ALN: What is the corporate setup of ICWG?

TM: ICWG group is a UK-based company. Our headquarters have been in the UK for the past several decades. However, we’ve moved the leadership of the company to Denver, CO in the last eight months, inclusive of my hiring, the new CFO, and the rest of the leadership team, really to focus on the U.S. market. We want to be a leader and drive an aggressive growth ambition in the U.S. Our ownership thought it would be better to have a U.S.-based leadership team, working with U.S.-based owners to develop the business, grow the brands, and deliver a superior consumer experience.

ALN: You employ a proprietary chemical system in your car washes called Polymer Pro.

TM: Yes, it’s an example of an innovation first developed in Europe in our car washes under the name Ultra HD. It’s a fabulous finish system to the wash, which really fills in the micro scratches in a clear-coat finish, gives it a beautiful luster, really restores the finish to a car. We get tremendous consumer reaction to that wash. We rolled it out in the U.S. in the last 18 months under the Polymer Pro banner. That chemical lineup is being standardized throughout our U.S. locations.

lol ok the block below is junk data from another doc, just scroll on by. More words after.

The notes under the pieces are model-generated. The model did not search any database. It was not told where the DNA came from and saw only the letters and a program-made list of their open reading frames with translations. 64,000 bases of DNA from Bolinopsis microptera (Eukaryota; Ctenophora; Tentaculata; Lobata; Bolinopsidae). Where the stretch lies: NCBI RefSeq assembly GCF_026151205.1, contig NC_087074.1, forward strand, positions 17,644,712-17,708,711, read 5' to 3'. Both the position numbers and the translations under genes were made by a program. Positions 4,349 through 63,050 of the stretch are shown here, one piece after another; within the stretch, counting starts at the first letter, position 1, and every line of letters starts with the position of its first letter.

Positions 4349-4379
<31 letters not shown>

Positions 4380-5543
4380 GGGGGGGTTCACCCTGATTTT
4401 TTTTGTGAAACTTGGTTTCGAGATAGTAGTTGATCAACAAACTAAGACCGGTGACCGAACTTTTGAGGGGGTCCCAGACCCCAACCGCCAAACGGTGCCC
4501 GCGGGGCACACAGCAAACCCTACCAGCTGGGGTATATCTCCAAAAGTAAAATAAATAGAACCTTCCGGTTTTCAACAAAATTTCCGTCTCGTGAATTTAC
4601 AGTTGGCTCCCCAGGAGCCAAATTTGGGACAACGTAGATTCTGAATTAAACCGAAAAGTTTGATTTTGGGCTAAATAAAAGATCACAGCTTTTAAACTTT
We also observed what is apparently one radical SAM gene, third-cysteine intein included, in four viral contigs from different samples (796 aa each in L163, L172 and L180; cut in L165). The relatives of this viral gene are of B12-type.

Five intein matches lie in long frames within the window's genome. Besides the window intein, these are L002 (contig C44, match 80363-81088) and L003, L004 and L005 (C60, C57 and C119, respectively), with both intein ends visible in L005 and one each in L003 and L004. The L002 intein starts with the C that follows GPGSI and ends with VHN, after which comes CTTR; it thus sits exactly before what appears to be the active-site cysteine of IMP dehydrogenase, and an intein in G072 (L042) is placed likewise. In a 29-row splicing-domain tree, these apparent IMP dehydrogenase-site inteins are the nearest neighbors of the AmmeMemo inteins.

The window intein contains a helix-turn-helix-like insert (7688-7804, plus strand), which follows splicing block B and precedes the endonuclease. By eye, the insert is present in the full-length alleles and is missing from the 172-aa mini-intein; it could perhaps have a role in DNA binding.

ALN: How about equipment?

TM: I would say that being an aggregation of acquisitions, we do have disparate manufacturer equipment in our car washes. We don’t feel a particular urgency to convert into a standard manufacturer platform. When we build greenfield, we have a standard package that we put in on our own, but we are happy to buy car washes that are founded on different manufacturer technology and figure out an effective way that our service network can make sure they are running very effectively and delivering a great product.

ALN: You have many years of experience in the consumer products area, starting off with P&G, and the hospitality industry.

TM: With a stop in between in commercial and residential building materials. Starwood Hotels and Resorts are a very different kind of multi-unit retail, but still very consumer centric. People love to talk about the great vacations they had at the hotels, they want to tell you if they had a bad experience. In the car wash business, I find — in this job today — people take great pride in their cars. They want to get it washed, they are more proud of their car when its clean, they want a great outcome when they go for a car wash. That is what this business is about. We can talk about acquisitions, but our goal is to make sure that those consumers feel like they got a great value, got a great wash, and it was super convenient — and that they come back every time because of that experience.